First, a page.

Jesse Young on the other hand brings the inside toughness that was also missing last summer.  Young is a big body that has been through the wars of international basketball and knows how to work the painted area.  On top of that, he’s a very vocal locker room guy who can keep the team in line and bolster its spirits when need be.  Anthony, Kendall are horses when it comes to the low block (and really very nice meaning almost polite players) but behind them there was only Olynyk, who is not really a true big but is a work in progress, and Rob Sacre who was often left holding the middle down alone with the smaller guys on the second unit.  Young comes with a streak of nasty that Pete Guarasci used to bring to the Senior Men in the late 80s and early 90s and isn't afraid to foul hard.  And if he could be seeing the twilight of his career not too far off, Young will give the team that much needed muscle in the middle that it needs to push though a close game. 

The other returning players such as Doornekamp, Shepherd, Kendall and Brown all fill big roles with their particular skill sets and play these roles very well.  They all are very capable international defenders and work relentlessly on both ends.  None of these guys will ever be the feature piece of their respective pro teams but with the National Team are very capable of having huge games that can ignite a rally or help seal a win. 

I'll be curious to see how Leo plans on using newcomers Hartman, Burnatowski and Ferguson.  The latter two are straight threes while the former is a very athletic and active four.  With the team travelling with fourteen players, two will have to sit out every game so expect that one of these three be in streetclothes for some of the time. 

My only true gripe with this team’s current roster is that it’s relatively small, again.  Last summer’s edition had four players who were 6’9" or taller and one of them was Olynyk.  That meant that the real inside banging fell on the shoulders of Anthony, Sacre and Kendall and when they were out of the game smaller guys were left to body up on bigger players (think 6'5" Olu Famutimi defending a Euro three type like an Andrea Bargnani, only mobile).  That left mismatches all over the place and with guys playing hurt, this became more of a liability as the tournament wore on.  This may be the same situation facing Canada with only one additional player over 6’9" to total five.  The teams that the Senior Men will be playing in their pool (Brazil, Cuba, the Dominican Republic in particular) have traditionally had guys who were tall and big bodied who also had perimeter skill sets.  If the past is any indicator of the future, the offense and defense will likely look to utilize the speed and quickness the team has to help offset the size differential.  But this can be a little problematic if things such as hot shooting nights, turnovers or injuries start to be major game factors and as quickly as the team can be on the plus side they can be on the minus end.  If it ever comes down to a slugfest of a halfcourt game, Canada may have real problems.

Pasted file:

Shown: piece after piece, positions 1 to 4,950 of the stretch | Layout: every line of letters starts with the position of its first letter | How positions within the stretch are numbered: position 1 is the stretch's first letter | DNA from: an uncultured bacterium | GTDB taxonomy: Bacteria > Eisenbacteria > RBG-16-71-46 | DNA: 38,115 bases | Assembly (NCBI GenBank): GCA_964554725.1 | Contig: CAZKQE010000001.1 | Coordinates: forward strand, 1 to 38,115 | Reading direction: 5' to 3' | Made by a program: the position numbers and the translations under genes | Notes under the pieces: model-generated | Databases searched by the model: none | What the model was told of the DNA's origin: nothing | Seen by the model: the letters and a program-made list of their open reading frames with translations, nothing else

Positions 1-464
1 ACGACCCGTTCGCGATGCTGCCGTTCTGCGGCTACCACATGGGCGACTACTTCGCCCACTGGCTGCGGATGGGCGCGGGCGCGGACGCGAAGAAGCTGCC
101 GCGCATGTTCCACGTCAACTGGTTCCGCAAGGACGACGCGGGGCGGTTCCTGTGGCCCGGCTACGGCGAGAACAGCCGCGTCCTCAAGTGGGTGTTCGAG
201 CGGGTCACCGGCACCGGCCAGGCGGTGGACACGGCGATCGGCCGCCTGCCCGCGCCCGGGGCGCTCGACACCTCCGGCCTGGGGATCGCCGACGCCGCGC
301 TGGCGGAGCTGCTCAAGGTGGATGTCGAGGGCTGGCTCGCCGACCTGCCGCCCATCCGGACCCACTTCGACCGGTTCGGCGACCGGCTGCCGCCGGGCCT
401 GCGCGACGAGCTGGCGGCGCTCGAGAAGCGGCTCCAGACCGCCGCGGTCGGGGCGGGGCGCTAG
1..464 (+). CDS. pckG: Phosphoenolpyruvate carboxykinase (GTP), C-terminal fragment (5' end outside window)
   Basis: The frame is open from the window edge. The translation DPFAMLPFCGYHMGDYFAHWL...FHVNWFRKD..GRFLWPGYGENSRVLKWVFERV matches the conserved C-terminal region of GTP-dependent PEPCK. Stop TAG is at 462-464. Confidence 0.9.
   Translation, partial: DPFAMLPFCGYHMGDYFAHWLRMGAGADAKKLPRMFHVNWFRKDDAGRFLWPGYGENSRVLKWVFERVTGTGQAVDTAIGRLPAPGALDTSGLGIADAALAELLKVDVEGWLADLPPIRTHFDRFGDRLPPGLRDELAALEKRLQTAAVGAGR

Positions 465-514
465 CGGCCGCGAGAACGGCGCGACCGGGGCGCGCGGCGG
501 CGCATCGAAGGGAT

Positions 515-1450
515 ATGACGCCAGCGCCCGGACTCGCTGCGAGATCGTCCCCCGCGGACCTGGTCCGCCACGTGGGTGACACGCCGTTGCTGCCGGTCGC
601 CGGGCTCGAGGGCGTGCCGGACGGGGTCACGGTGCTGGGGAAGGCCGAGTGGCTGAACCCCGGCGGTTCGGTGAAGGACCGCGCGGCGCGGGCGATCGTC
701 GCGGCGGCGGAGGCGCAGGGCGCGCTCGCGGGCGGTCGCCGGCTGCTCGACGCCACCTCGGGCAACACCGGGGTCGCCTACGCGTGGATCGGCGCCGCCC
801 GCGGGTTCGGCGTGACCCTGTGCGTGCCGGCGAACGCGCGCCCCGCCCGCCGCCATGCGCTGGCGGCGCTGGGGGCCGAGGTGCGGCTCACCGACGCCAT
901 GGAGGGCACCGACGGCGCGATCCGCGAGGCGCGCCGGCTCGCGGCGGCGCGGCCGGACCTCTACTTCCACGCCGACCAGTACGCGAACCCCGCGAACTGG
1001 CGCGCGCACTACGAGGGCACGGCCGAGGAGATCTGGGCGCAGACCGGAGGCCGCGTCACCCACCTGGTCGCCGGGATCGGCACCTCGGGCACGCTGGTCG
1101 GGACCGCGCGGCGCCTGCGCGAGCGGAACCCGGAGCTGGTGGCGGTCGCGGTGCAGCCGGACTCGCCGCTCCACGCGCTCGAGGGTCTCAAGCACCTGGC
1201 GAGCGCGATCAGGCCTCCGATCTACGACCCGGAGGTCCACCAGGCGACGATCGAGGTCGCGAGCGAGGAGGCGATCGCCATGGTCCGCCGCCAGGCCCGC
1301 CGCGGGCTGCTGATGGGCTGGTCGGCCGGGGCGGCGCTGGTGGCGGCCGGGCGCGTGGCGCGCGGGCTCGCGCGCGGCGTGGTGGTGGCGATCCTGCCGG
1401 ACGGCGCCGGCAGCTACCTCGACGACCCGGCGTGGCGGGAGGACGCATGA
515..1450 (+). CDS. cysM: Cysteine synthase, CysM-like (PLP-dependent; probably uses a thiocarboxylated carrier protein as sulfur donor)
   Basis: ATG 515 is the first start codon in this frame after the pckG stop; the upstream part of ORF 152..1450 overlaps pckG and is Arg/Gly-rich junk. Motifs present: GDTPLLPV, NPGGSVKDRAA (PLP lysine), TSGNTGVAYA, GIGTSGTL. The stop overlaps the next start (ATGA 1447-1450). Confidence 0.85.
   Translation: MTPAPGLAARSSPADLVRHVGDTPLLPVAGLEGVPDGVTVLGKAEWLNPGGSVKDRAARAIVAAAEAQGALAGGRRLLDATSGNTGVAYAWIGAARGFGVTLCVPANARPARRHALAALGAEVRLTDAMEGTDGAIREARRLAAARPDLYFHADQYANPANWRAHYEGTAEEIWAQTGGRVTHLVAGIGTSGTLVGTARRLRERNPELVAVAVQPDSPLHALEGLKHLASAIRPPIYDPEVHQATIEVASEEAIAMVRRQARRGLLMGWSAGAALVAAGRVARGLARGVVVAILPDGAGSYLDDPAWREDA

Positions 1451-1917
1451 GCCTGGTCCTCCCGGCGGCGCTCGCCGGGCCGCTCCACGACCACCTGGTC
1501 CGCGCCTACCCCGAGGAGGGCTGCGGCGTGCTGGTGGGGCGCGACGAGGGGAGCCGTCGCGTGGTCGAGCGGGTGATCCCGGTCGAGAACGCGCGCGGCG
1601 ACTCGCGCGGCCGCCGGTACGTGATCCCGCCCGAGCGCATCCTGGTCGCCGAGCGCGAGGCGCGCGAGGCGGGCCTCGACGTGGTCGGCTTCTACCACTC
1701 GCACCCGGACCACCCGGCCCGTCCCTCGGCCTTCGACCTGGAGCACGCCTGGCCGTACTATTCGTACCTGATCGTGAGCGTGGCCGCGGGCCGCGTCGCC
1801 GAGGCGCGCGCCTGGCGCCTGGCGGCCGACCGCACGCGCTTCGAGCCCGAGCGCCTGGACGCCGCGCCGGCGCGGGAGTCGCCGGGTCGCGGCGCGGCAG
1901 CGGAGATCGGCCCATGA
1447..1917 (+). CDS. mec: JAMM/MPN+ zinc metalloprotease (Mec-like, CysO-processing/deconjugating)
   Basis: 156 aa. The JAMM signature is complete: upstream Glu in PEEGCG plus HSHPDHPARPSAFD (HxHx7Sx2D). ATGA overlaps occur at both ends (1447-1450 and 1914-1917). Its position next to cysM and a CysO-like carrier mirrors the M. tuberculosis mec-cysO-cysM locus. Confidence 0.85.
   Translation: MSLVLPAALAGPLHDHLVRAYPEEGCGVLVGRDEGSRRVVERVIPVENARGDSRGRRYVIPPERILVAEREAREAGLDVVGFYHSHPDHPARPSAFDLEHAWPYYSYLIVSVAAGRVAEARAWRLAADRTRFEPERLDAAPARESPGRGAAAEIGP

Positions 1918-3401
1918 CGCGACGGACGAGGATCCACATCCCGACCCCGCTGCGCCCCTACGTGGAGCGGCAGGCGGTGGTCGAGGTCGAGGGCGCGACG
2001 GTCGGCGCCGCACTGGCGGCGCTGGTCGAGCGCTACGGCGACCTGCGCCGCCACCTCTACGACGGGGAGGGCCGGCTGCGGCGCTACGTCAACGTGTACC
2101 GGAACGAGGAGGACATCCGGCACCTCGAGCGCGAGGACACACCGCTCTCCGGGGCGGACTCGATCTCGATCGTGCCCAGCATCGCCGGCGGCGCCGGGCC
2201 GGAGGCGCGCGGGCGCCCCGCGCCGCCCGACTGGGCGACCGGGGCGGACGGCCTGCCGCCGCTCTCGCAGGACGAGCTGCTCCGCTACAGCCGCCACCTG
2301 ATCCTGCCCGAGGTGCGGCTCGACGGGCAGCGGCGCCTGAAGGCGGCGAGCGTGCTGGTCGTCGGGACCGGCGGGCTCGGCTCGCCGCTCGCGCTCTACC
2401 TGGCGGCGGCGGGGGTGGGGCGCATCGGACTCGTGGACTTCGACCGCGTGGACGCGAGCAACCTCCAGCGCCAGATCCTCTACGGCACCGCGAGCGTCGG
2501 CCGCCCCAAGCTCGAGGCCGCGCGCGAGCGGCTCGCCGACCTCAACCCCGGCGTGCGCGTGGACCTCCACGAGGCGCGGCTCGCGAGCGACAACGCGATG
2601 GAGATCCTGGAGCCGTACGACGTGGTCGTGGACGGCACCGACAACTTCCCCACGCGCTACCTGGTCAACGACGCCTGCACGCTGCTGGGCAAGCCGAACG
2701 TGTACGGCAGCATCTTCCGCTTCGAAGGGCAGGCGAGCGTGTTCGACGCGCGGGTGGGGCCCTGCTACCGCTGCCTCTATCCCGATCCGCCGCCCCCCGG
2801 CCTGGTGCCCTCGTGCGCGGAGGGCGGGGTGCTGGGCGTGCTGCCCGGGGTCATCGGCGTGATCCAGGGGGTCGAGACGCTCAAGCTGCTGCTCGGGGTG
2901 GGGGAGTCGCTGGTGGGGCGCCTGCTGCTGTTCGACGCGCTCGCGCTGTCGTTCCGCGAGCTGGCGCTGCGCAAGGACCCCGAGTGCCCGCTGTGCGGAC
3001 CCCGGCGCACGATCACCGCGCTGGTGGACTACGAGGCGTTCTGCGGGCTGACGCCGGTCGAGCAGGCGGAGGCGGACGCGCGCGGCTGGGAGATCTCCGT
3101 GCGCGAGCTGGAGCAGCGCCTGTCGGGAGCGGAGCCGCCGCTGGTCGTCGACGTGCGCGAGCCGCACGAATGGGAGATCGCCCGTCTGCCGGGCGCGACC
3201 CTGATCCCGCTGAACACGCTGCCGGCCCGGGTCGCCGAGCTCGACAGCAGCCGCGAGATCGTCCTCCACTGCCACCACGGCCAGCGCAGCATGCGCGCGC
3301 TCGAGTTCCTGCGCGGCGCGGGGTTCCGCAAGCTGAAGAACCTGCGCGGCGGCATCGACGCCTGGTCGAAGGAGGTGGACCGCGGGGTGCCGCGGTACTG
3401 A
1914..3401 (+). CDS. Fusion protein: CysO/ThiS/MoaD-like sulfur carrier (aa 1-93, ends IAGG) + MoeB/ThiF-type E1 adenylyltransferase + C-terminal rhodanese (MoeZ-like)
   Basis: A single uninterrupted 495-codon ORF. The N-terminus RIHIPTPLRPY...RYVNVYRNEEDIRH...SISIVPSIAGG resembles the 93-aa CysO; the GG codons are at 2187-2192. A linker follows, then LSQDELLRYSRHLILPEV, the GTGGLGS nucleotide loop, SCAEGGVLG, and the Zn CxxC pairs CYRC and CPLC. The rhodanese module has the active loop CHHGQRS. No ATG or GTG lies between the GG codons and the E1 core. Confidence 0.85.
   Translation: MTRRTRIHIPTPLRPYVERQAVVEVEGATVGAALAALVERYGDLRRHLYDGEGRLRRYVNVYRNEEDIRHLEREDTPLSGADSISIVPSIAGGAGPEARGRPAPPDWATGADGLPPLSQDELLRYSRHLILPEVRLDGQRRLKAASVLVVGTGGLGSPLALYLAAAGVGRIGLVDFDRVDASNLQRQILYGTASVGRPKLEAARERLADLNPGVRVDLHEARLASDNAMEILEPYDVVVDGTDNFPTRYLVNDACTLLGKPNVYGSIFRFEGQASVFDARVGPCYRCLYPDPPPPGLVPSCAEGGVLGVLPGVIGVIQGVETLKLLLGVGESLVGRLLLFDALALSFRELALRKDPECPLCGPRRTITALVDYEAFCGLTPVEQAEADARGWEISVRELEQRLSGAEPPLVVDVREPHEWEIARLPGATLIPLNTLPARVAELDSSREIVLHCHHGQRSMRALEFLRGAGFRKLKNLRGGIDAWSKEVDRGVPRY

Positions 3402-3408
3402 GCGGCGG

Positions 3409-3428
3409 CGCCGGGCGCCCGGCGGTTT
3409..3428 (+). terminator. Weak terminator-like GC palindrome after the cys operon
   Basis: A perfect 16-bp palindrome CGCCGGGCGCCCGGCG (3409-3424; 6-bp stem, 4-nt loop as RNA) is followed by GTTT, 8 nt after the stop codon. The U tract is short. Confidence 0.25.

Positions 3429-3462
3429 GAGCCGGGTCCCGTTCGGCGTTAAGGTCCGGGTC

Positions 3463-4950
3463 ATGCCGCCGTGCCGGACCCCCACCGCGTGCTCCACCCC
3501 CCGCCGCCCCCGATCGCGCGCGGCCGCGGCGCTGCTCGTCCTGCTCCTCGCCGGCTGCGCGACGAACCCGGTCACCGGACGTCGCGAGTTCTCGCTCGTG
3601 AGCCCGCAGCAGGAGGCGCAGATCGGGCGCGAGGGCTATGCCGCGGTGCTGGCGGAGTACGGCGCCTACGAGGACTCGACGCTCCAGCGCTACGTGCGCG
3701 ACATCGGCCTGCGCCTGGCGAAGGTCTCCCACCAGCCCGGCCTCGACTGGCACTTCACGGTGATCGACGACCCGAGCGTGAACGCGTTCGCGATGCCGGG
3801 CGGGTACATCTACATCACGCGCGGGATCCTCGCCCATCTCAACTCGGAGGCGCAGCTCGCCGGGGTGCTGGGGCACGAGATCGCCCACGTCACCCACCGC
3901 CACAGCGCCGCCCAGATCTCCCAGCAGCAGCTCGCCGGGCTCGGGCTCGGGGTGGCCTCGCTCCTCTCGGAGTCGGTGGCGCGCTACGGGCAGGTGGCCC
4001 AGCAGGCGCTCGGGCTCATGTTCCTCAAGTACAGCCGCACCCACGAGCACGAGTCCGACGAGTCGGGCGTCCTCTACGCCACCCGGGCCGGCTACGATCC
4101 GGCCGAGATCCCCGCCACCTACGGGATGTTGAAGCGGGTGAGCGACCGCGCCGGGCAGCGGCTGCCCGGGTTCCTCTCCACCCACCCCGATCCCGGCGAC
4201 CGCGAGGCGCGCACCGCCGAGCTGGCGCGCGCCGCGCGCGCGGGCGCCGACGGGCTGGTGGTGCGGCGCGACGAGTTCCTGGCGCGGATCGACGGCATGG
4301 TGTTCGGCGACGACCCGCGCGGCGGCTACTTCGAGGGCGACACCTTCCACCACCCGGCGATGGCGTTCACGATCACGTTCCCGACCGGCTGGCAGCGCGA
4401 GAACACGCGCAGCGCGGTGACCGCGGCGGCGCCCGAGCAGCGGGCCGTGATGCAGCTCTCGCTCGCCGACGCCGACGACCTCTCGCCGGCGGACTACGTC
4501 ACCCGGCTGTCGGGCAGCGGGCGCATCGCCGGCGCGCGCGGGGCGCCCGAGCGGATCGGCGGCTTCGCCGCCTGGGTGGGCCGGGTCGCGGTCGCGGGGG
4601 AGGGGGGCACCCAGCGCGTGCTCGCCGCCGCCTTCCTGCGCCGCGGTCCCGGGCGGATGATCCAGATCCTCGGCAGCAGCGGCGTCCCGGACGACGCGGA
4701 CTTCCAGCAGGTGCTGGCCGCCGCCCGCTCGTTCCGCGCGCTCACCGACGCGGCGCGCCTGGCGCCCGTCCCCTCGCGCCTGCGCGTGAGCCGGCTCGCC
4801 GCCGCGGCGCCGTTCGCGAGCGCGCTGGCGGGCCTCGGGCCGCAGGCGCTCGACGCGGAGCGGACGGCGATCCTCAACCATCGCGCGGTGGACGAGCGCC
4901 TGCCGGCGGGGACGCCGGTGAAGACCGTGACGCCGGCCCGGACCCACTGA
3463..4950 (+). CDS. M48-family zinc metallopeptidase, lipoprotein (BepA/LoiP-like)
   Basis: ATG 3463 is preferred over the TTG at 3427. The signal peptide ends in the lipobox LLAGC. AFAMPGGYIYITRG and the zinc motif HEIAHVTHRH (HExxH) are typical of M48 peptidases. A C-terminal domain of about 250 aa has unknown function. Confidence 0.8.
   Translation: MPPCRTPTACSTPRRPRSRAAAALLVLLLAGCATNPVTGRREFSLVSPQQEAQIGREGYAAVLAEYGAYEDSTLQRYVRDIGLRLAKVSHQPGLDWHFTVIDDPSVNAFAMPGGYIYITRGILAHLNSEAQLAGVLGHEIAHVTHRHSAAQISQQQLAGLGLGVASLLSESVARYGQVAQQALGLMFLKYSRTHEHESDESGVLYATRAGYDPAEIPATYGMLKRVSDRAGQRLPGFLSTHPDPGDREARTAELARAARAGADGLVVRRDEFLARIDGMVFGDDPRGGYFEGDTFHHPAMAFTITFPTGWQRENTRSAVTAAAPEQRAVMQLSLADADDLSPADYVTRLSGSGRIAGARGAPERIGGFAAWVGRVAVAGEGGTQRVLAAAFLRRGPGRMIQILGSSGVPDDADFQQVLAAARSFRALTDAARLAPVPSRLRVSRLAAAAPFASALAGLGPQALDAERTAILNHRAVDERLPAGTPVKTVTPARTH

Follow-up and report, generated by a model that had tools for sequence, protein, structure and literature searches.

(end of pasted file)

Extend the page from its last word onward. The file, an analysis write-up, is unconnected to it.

All in all, I think that this current team is a very good team, or to correct myself the best team that could be fielded at the moment.  Despite any injury or chemistry issues, Coach Leo and his staff have really managed to overachieve with the players that are available for the last few summers and this may be no different.  I think the depth of this team is better than last year but only when they tip off in Argentina will we truly know who good they can be. 

My Prediction:  Finish in the top five to move into the Olympic Qualifying tournament next summer.

*** Look for more commentary on the Senior Men's quest for an Olympic berth in the FIBA Americas Championships as the days come right here.  ***